So finally I have found time to post the final version of the score for everyone to see. I’m pretty happy with the overall experiment, even if I don’t really like the final product — visually it’s a little rough and child like. That said with more time (and a faster computer) I think a more aesthetically appealing version could be produced.
Posts Tagged ‘performance’
After choosing the piece of music, the next step I outlined for myself was to create a visual map of the music which I could use as a design tool for the following stages. What I wanted from this was a rough break down of the various layers in the music that would be represented visually on the screen, and to know when these layers were being played.
This sounded fairly simple to me and I thought I could knock out my first draft in an afternoon of listening. It took much much longer, so much so I have no idea actually how long it took. It was rewarding in many ways and made me much more familiar with the music and how it had been constructed.
This is the shortlist of tracks I put together when looking for a piece of music to use in the visual music project. After shortlisting I removed them by a process of elimination until I ended up with just one…
Replica, Ryuichi Sakamoto, Cinemage, 4:50
Another orchestral, instrumental track, this time with very distinct layers. This reminds me of an animal march. It can be harsh a grating, but has moments of uplift, and is very rhythmic in places.
iTunes Store Link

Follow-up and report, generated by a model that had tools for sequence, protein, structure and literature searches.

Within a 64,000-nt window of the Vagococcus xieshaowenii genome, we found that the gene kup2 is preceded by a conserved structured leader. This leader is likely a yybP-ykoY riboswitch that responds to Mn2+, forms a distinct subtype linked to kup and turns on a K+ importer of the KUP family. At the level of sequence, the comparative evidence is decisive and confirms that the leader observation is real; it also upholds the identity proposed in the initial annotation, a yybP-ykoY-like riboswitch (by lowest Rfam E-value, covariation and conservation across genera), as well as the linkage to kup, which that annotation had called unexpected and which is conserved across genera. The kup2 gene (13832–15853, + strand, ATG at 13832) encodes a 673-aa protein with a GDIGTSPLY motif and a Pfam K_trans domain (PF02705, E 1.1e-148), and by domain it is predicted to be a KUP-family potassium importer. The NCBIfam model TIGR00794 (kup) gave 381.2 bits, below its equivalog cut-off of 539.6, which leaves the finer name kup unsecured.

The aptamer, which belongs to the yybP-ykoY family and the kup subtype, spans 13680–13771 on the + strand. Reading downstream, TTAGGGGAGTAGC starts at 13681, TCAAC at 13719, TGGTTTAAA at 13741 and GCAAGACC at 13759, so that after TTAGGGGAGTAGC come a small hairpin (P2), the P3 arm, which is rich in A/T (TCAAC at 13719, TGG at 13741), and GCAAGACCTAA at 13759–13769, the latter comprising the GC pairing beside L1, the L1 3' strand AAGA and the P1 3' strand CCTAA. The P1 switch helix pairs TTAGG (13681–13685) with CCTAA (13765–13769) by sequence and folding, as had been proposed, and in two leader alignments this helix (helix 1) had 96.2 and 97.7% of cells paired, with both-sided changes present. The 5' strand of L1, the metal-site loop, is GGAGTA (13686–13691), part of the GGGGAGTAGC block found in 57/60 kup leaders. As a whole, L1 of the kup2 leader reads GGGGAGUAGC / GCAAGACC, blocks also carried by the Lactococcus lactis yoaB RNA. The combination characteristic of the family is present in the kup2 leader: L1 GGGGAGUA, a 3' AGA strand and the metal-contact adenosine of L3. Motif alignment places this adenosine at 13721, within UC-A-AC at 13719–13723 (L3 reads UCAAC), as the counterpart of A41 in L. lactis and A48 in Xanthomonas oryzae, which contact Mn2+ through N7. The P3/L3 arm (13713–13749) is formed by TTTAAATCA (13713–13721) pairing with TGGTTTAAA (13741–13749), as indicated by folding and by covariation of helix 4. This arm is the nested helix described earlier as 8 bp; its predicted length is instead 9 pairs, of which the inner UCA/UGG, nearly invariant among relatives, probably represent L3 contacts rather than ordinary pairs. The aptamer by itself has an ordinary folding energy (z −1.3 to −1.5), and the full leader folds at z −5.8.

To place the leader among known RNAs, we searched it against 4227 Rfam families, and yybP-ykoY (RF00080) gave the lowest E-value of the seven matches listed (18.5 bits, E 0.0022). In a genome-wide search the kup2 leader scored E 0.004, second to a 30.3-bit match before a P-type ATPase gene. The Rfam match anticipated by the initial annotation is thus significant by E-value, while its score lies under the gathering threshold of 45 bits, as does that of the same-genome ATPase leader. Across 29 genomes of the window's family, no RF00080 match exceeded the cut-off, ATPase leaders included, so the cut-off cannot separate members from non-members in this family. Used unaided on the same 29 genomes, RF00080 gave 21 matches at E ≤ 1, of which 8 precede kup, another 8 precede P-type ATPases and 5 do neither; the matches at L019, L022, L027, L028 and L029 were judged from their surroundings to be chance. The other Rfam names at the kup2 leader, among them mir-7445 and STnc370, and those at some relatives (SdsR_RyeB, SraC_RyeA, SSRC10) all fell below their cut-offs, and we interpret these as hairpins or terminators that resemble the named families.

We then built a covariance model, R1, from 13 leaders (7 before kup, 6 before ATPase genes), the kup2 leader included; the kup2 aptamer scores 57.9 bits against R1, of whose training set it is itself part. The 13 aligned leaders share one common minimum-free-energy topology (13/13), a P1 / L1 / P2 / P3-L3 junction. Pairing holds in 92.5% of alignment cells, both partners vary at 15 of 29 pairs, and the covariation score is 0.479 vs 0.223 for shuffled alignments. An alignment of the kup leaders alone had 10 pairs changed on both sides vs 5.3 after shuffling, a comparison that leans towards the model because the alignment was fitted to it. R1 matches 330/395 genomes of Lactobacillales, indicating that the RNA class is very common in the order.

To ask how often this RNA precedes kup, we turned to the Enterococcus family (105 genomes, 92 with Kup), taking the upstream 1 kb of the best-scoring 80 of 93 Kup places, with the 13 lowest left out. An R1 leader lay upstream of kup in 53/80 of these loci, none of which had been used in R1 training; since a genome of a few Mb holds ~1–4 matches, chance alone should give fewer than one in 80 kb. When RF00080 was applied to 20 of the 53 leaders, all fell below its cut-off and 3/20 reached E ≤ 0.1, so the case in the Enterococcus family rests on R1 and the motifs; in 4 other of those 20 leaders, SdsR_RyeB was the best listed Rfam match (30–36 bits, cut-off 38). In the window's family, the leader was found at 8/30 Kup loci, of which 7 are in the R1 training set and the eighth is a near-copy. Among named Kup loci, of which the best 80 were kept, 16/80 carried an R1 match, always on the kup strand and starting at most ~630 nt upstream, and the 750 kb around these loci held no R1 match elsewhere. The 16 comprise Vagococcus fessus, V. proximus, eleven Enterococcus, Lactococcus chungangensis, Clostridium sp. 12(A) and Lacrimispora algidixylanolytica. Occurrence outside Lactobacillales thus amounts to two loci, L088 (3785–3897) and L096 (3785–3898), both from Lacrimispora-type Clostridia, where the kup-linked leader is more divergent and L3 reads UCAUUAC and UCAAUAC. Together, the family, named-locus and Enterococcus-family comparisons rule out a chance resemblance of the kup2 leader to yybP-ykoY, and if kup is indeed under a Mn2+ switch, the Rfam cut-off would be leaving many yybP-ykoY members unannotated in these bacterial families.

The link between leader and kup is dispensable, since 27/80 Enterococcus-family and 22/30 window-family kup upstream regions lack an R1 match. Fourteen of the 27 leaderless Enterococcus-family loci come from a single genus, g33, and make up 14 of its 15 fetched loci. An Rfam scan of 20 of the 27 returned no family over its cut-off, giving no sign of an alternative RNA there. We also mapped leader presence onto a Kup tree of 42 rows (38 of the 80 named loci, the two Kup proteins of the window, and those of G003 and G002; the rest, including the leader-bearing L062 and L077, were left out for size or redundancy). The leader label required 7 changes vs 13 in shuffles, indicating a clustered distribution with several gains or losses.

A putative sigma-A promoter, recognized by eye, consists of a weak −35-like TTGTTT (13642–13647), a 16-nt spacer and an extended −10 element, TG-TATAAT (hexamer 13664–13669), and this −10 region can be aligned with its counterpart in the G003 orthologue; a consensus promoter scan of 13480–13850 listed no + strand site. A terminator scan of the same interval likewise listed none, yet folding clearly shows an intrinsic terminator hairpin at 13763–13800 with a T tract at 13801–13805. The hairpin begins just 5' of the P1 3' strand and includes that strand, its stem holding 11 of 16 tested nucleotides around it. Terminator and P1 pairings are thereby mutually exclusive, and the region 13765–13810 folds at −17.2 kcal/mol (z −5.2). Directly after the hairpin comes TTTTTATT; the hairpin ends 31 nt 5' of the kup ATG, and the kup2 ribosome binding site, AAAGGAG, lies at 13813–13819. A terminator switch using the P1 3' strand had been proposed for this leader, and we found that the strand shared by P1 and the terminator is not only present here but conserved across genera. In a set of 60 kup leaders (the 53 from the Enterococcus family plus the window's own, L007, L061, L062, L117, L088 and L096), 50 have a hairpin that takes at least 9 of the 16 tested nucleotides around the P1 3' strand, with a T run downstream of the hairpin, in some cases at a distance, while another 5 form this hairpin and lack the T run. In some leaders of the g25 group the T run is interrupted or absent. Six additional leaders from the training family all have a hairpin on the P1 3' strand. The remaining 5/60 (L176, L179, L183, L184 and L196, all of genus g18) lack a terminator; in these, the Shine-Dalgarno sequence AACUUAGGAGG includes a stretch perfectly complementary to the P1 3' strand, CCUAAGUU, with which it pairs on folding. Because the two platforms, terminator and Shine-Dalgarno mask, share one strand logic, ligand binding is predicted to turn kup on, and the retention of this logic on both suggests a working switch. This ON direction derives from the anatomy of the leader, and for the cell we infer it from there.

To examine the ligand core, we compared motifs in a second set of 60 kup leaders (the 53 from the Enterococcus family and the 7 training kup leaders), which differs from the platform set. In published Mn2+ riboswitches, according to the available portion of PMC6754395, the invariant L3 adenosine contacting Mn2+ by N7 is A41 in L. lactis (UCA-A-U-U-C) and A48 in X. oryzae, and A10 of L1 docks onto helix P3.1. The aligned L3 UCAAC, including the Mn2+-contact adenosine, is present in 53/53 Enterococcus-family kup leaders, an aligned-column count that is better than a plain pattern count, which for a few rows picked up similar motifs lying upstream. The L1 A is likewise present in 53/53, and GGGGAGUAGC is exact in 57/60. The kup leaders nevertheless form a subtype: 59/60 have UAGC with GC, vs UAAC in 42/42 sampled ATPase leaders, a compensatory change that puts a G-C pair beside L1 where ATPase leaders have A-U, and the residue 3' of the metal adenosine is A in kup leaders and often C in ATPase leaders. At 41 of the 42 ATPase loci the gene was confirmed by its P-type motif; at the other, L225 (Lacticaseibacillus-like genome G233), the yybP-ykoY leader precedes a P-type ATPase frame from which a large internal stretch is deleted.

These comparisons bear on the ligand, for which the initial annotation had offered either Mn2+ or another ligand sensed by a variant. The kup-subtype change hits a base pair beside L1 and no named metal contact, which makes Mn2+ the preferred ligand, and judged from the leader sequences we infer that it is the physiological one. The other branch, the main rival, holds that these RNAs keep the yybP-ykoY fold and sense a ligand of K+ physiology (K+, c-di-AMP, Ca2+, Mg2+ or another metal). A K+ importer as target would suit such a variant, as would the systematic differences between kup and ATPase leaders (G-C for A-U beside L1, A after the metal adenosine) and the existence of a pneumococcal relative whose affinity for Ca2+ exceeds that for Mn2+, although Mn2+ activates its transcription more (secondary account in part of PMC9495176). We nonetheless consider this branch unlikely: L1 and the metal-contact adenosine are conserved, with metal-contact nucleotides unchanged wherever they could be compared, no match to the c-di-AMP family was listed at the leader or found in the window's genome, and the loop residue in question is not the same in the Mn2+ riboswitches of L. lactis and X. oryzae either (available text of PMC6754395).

Both fractal images and Pendulum Music have simple basic straight forward formula’s which define them. Both have a variable element which effects how the “art” is produced: in the case of the music the four performers will start the pendulum in different places each time the piece is played and effect the outcome; in the case of the fractal formulas a seed value for the formula effects the output of the image. Both of these values are often random, but come under some degree of control by the “artists” involved.
I’m still not sure if the outputs of these formulae are actually art, but is certainly interesting and often beautiful and contemplative. To varying degree’s most artists work to a formula or methodology of some kind — it’s the number of variables and the amount of control through a larger range of variables, and the fine control they have over those variables which is different for each artist and/or artwork.
I like the idea of a strict formula or methodology in regard to my own project — it would make working on a long and complex project somewhat simpler, but if the formula or methodology I start out with is wrong then I have no chance of producing anything good… hmmm ???